He cites his experience, as well as the support of the MIAA personnel, as among the factors that contributed greatly to the improved operations of the airport.

“It’s kind of easy for me to decide because I know both sides. I’m not really saying that I know it all. But I was there. I’ve been one of them for the past 37 years. I know the requirements of the passengers, I know the requirement of the operations of the airlines,” he says.

“The airport is basically a servant to the clients. If they have some reservations, the people who work with me, I can always explain that this is the way it should be done because I was once there,” he adds. Xiamen incident

Personnel take part in drills in preparation for possible emergencies .

Everything, however, is not a walk in the park for Monreal and his team.

Earlier this year, airport authorities drew criticism after NAIA’s operations were paralyzed due to the closure of the main runway for almost 36 hours. The culprit? A plane operated by Xiamen Air skidded off the runway due to heavy downpour before midnight of Aug. 18.

MIAA initially announced that the runway would only be closed until noon the following day. Subsequent announcements, however, extended the runway’s closure up to midday of Aug. 20.

The incident resulted in cancellation of over 600 flights, highlighting the magnitude of the problems that may arise in emergencies affecting the country’s primary gateway.

Addressing critics, Monreal says their response to the Xiamen incident was the best that they could do under the circumstances.

“It could be, from other perspectives, that it is slow. But there were also similar incidents in other countries wherein ours was slightly faster, so that is relative. Maybe they are correct that it took some time, but the point there is that the challenge that we had during that time of the retrieval was that it was no ordinary day,” he notes.

“The soil had been our challenge. It was raining day and night. We have thunderstorms, we have lighting to contend with,” he adds.

Accidents and emergencies, according to Monreal, are something that they take seriously.

He says airport personnel regularly undergo training to respond to different emergencies that may happen at the airport.

“I think one of the things that we have to be proud of is that no life was lost,” he says in Filipino. “If we made a mistake because we were rushing things, I’m not saying that we don’t need to expedite, but lives have to be spared, lives have to be protected.”To stay or not to stay?

The Xiamen incident underscored the risks of operating NAIA as the country’s primary gateway.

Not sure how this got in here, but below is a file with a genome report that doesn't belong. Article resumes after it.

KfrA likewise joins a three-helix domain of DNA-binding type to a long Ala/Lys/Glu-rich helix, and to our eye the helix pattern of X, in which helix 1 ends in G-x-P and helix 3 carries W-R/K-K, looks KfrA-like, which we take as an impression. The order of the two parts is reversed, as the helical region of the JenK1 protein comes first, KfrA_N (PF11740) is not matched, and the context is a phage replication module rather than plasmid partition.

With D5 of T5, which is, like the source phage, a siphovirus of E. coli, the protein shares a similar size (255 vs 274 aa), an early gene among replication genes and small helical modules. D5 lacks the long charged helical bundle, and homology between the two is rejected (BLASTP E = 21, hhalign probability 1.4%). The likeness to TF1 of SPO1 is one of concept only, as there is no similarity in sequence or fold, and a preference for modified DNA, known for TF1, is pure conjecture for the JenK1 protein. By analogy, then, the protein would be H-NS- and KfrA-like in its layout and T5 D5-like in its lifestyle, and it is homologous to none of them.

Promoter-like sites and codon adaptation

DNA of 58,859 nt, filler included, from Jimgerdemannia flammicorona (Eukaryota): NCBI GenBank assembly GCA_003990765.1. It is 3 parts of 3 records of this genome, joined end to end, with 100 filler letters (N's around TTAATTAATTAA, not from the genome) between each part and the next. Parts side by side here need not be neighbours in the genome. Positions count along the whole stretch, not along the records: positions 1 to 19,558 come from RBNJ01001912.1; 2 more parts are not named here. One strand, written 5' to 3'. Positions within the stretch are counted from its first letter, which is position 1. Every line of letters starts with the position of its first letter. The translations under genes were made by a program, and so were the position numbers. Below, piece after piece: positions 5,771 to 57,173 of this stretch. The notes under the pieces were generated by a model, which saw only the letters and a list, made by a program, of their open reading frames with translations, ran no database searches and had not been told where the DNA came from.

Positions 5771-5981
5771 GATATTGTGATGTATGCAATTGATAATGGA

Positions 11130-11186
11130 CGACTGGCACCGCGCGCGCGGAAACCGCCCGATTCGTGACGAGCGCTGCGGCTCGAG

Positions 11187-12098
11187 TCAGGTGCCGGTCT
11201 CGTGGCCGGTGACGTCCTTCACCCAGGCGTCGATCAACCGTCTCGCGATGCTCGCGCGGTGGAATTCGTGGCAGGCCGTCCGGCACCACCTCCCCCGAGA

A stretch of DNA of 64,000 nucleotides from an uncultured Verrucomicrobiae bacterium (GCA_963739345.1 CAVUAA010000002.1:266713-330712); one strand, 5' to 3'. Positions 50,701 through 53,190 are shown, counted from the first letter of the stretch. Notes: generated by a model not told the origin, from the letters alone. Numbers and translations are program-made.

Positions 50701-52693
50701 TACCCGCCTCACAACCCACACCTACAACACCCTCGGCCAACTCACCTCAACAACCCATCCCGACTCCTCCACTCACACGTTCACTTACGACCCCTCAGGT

With the shutdown of the primary runway, the airport was left to operate with the shorter, intersecting runway that can only accommodate smaller planes.

Ideally, Monreal says airports should have two parallel runways to ensure that operations will continue in case of emergency on one of the runways. Operations-wise, having two parallel runways will also address air traffic congestion as more planes will be able to take-off and land.

The creation of a parallel third runway is part of the multibillion-peso proposal of a super consortium to transform NAIA into a world-class airport.

Submitted by a group composed of the country’s largest conglomerates, the two-phase proposal also involves the expansion of the current terminals and the construction of an integrated hub.

Monreal says the proposal, which has received original proponent status, is currently being deliberated upon at the Department of Transportation and would soon be submitted to the National Economic and Development Authority for approval.

Side-by-side with the NAIA rehabilitation proposal are talks of establishing a new airport, either in Bulacan or at Sangley Point in Cavite.

Some are still pushing for the development of Clark in Pampanga as the primary gateway.

Whatever the final decision would be, Monreal says he welcomes the invigorated discussions on airport development in the country.

“My personal view, really, even when I was still with the airline, is that it’s about time that we come up with a major airport development plan for many years ahead,” he says.

“There should be a master plan for the developments and improvements for the airports.

You cannot just have one or two, you have to make sure that it goes with the time. Because aviation is growing,” he adds.

For NAIA, he says the future remains uncertain, noting that some have predicted that it will only last for 15 more years.

“We will see in the years to come if those predictions are correct,” he says.

“There’s no plan to shut down the airport yet. There’s still life for MIAA, for NAIA. Who knows what the next direction would be?”

INTERNATIONAL AIRPORT NINOY AQUINO INTERNATIONAL AIRPORT